Irrespective of this & specifically with regard to "King Crimson Radio" & "Robert Fripp Radio", "King Crimson" & "Robert Fripp" are subject to trademark protection operated by DGM on behalf of the artists.

    Neither consent to having their name used in this manner & both would regard the usage of the name in association with such a "radio" as a form of endorsement/Passing Off, involving a breach of the protection offered by the respective trademarks.

    As it is possible that a user of the service would regard "Robert Fripp Radio" or "King Crimson Radio" as having an association with, or recommendation from, the named artists, these services must be discontinued immediately & permanently.

    Kind regards,

    Declan Colgan

    on behalf of DGM"

    1. TechnicalBen Silver badge
      Thumb Down

      Sad. It is the state that these services have created. As with Youtube, who is to stop the other bigger companies making this claim?

      I know Spotify and Youtube are not innocent, but when a massive multimillion dollar company such as Universal Music Enterprises, Virgin Records and A&M Records say they "own" a record/track/album, how are Spotify to prove this is not true? (Or with Youtube, that the video is not owned)

      I personally think they should do better house keeping, but I doubt with the size of their content lists, it's even possible to do this.

      So the case is between Universal Music Enterprises, Virgin Records, A&M Records and King Crimson. As those are the studios selling their content and "passing off". However, perhaps legal proceedings could stop Spotify, but directly they have no method to confirm who is telling the truth...

      ... but do know who is pulling the purse strings. :(

      1. x 7

        "So the case is between Universal Music Enterprises, Virgin Records, A&M Records and King Crimson"

        Its a bit more complicated than that....because there was an earlier dispute between Fripp and Universal over copyright, which was finally resolved after many years. But the interesting thing is that Universal then sued Spotify over copyright on ALL of its recordings, and that post I quoted was then used by Universal as part of the evidence in that case. The implication was that NONE of Universal's recordings were licenced to Spotify.

        Certainly Universal screwed up over selling Fripp/Krimson records to which it had lost copyright, but Spotify were selling / playing a much wider range of songs which had never been licenced to it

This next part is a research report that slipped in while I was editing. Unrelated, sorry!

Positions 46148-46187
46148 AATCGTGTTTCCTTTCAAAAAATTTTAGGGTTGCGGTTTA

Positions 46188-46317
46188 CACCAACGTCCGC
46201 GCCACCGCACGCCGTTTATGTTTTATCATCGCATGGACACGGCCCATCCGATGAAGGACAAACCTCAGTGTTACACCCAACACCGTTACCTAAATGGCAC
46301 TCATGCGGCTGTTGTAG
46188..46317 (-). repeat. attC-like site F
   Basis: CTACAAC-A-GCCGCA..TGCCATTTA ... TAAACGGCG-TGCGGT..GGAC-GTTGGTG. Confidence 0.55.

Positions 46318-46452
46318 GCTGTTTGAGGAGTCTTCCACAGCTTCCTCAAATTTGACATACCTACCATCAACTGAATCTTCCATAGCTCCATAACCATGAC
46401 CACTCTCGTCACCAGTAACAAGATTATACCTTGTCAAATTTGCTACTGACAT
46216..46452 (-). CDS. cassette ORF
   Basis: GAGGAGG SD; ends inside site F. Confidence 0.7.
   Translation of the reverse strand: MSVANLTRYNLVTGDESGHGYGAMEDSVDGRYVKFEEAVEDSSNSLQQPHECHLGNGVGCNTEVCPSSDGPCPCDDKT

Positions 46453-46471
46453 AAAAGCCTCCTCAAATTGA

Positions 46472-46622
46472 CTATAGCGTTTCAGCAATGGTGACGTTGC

2. ecofeco Silver badge

      If so then lawyer up and drop the hammer.

  4. Anonymous Coward
    Anonymous Coward

    $1.3 billion turnover but a loss of milions

    So another 'not making a profit' unicorn Internet company. When the bubble burst, this will get flushed away with the rest of them.

    1. Graham Dawson

      Re: $1.3 billion turnover but a loss of milions

      Hardly. They were profitable up to the end of 2013, which demonstrates that they have the ability. They may end up like Amazon, which has never posted a profit in its entire history as far as I can tell.

      1. a_yank_lurker Silver badge

        Re: $1.3 billion turnover but a loss of milions

        Amazon reported a rather tidy profit overall and for each of their major business units for the last fiscal year.

        1. Graham Dawson

          Re: $1.3 billion turnover but a loss of milions


    2. localzuk

      Re: $1.3 billion turnover but a loss of milions

      Don't believe the reported profit/loss. Spotify is part owned by a bunch of major record labels. Have no doubt that the rather interesting music industry accounting methods will be in use there.

  5. Anonymous Coward
    Anonymous Coward

    Accidental payments

    In my experience, the usual time you play a track from an unknown artist is when you search for a well-known song, which Spotify doesn't have but instead offers you 50 different karaoke and cover versions. You don't realise, so you accidentally play one; and then wonder if it wouldn't be better spending £10 per month buying individual MP3 tracks from the real artists.

    Not everything on Spotify is even music. Search for "Derek and Clive" - but don't play it while the kids are around.

    1. TechnicalBen Silver badge

      Re: Accidental payments

      In the past, and present, certain companies have been known to scrape the internet and torrents for any and all music and audio. Then upload them to Youtube or sell on Amazon, stream on Spotify etc. Claiming "ownership" and pulling DMRC claims AND taking the earning back off the originators in the process.

      As they can do this en mass, and make enough to fund a defence in any possible court case, this leaves individual artists and small bands defenceless. As while the court case may find in favour, the money for the individual would run dry before the "LTD" company does a quick runner and rebrands/renames with the existing catalogue of stolen content.

      1. Oli 1

        Re: Accidental payments


        There is a music producer called plastician, his early music went under plastikman which suffered the expected trademark infringment letter hence the name change. he still has material uploaded to youtube by someone else who has claimed ownership and no matter what he tries - will never see those royalties.

        Google / YouTube arent interested.

        Similar to the nonsense going on over on soundcloud where signed artists have been banned for uploading their own music. insane.

  6. John Brown (no body) Silver badge

    "I am thrilled..." David Israelite said.

    I bet he is. What percentage cut does he get for "managing" the collection of the fees?

    1. ecofeco Silver badge

      Re: "I am thrilled..." David Israelite said.

      Too much?